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Monster homes grow unchecked in Vancouver’s rural heart

Jennifer Maynard is on a mission to protect some of Vancouver’s last agricultural land. Maynard is a long-time resident of…

By Shannon Dooling , in Life , on November 25, 2010 Tags: , ,

Cars share the road with horses in Southlands

Jennifer Maynard is on a mission to protect some of Vancouver’s last agricultural land.

Maynard is a long-time resident of the Southlands, a unique rural area in the heart of Vancouver.

She is fighting to stop the encroachment of luxury homes in a part of the city that still has horses sharing the roads with cars.

Her struggle is part of a larger global trend that is seeing up-scale residential development threaten agricultural areas, said Andrew Rushmere, academic coordinator at the University of British Columbia Farm.

Rushmere said the “same pattern” exists all over the world because as development pressures increase and taxes rise, farming large parcels of land becomes unaffordable, while selling it as residential property becomes more profitable.

Since 2005, the benchmark selling price of a home in Southlands has more than doubled to nearly $1.9 million from $914,694. Nearby Marpole meanwhile, where acreage is harder to come by, has seen a benchmark selling price of a single family home at $977,000 this year.

“There is no policy mechanism in place…to combat agricultural land from being absorbed for development,” said Rushmere.

And that’s what residents are concerned about.

Harvesting mansions

Maynard is on a mission to preserve the agricultural heritage of Southlands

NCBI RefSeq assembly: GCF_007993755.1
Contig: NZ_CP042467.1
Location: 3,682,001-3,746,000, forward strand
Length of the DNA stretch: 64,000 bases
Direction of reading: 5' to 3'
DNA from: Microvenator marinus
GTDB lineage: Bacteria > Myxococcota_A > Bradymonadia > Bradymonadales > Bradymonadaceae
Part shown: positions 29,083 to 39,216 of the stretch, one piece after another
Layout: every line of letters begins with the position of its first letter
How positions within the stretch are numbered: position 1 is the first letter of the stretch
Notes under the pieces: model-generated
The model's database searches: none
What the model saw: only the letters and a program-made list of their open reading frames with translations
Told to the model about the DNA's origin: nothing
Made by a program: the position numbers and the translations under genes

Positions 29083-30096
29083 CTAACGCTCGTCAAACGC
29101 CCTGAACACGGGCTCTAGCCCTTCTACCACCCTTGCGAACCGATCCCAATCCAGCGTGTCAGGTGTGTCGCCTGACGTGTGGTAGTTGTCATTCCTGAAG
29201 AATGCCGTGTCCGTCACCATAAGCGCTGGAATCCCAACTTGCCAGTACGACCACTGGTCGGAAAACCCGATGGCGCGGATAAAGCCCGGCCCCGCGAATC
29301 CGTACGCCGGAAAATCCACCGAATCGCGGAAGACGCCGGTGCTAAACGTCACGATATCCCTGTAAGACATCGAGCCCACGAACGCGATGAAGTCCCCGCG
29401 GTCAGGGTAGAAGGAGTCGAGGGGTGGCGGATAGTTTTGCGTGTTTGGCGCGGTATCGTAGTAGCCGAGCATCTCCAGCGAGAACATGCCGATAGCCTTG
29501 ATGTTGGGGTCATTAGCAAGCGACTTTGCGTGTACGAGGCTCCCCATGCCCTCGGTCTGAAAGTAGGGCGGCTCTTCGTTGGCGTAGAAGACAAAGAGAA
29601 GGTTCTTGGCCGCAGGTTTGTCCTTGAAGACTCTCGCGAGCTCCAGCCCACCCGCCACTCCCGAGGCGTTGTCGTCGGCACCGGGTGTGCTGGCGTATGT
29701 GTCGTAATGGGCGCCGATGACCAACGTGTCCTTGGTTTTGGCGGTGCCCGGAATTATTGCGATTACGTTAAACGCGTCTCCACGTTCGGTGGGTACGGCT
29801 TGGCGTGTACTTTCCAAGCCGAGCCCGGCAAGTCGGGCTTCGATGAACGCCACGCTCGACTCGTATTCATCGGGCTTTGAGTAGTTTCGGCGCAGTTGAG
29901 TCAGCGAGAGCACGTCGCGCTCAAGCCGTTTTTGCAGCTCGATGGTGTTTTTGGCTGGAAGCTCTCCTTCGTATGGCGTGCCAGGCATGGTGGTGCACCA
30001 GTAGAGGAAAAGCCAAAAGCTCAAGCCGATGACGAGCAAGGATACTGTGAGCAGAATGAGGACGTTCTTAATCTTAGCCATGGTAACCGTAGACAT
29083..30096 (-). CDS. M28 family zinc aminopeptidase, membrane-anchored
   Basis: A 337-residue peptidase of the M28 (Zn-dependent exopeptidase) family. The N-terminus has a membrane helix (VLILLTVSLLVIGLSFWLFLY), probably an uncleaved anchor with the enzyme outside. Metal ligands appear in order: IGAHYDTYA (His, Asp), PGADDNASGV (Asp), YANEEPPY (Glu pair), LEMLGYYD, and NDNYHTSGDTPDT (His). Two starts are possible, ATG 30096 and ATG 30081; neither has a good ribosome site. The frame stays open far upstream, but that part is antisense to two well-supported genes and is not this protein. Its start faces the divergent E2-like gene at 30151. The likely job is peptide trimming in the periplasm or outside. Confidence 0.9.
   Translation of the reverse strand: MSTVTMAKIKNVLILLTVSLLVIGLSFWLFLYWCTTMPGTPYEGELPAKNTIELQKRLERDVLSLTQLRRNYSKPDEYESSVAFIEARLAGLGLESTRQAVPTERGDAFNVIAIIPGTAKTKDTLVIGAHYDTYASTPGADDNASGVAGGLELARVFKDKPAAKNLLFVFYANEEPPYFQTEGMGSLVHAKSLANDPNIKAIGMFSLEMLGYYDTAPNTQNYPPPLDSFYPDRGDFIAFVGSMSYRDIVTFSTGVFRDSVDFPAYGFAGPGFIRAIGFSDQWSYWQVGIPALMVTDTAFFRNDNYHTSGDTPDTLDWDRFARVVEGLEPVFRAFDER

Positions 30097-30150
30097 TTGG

Southlands rests 15 minutes outside of downtown Vancouver, along the fertile banks of the Fraser River, roughly bordered by SW Marine Drive to the north, Macdonald Street on the west and Blenheim Street on the east.

The community’s rural identity has its roots in agriculture and has been protected since 1973 as a provincial Agricultural Land Reserve, which means that agriculture is considered priority use.

Thomas Hobbs, owner of Southlands Nursery, said he has recently noticed a change to bigger houses in the construction of newer homes.

“Old rotting stables and funky places are being torn down and these opulent houses are going up,” Hobbs said, adding, “it’s a free world and money talks.”

Maynard and her family have lived in the Southlands for three generations and are now the only commercial farm left.

“All of a sudden we have some new people who just want a big house with a fancy address,” said Maynard, co-founder of the Friends of Southlands Society.

Other long-time residents of Southlands are taking note of the new estates. Larry Killam, a member of the Southlands Ratepayers Association, has noticed an influx of interest in local properties.

Southlands has been “discovered…because you can build a big house here,” said Killam.

Back to basics

Herb Babolet, a leading food activist in North America and an associate professor at Simon Fraser University’s Centre for Sustainable Community Development, said he too is concerned when “monster estates” are allowed on agricultural land.

Babolet is hopeful that the new chair of the Agricultural Land Commission appointed in June will uphold the commission’s commitment to preserving agricultural land and encouraging farming businesses.

“There’s a wind of change in the commission,” said Babolet.

For now, Maynard and her family have decided to buck the trend and broke ground for Southlands Heritage Farm in 2008. The farm is focused on a sustainable way to demonstrate to neighbours that true food security is available within the city.

Maynard believes that if the ALR status of Southlands comes under scrutiny due to the lack of farming in the community, then others would follow her lead back to small scale, intensive farming on the land.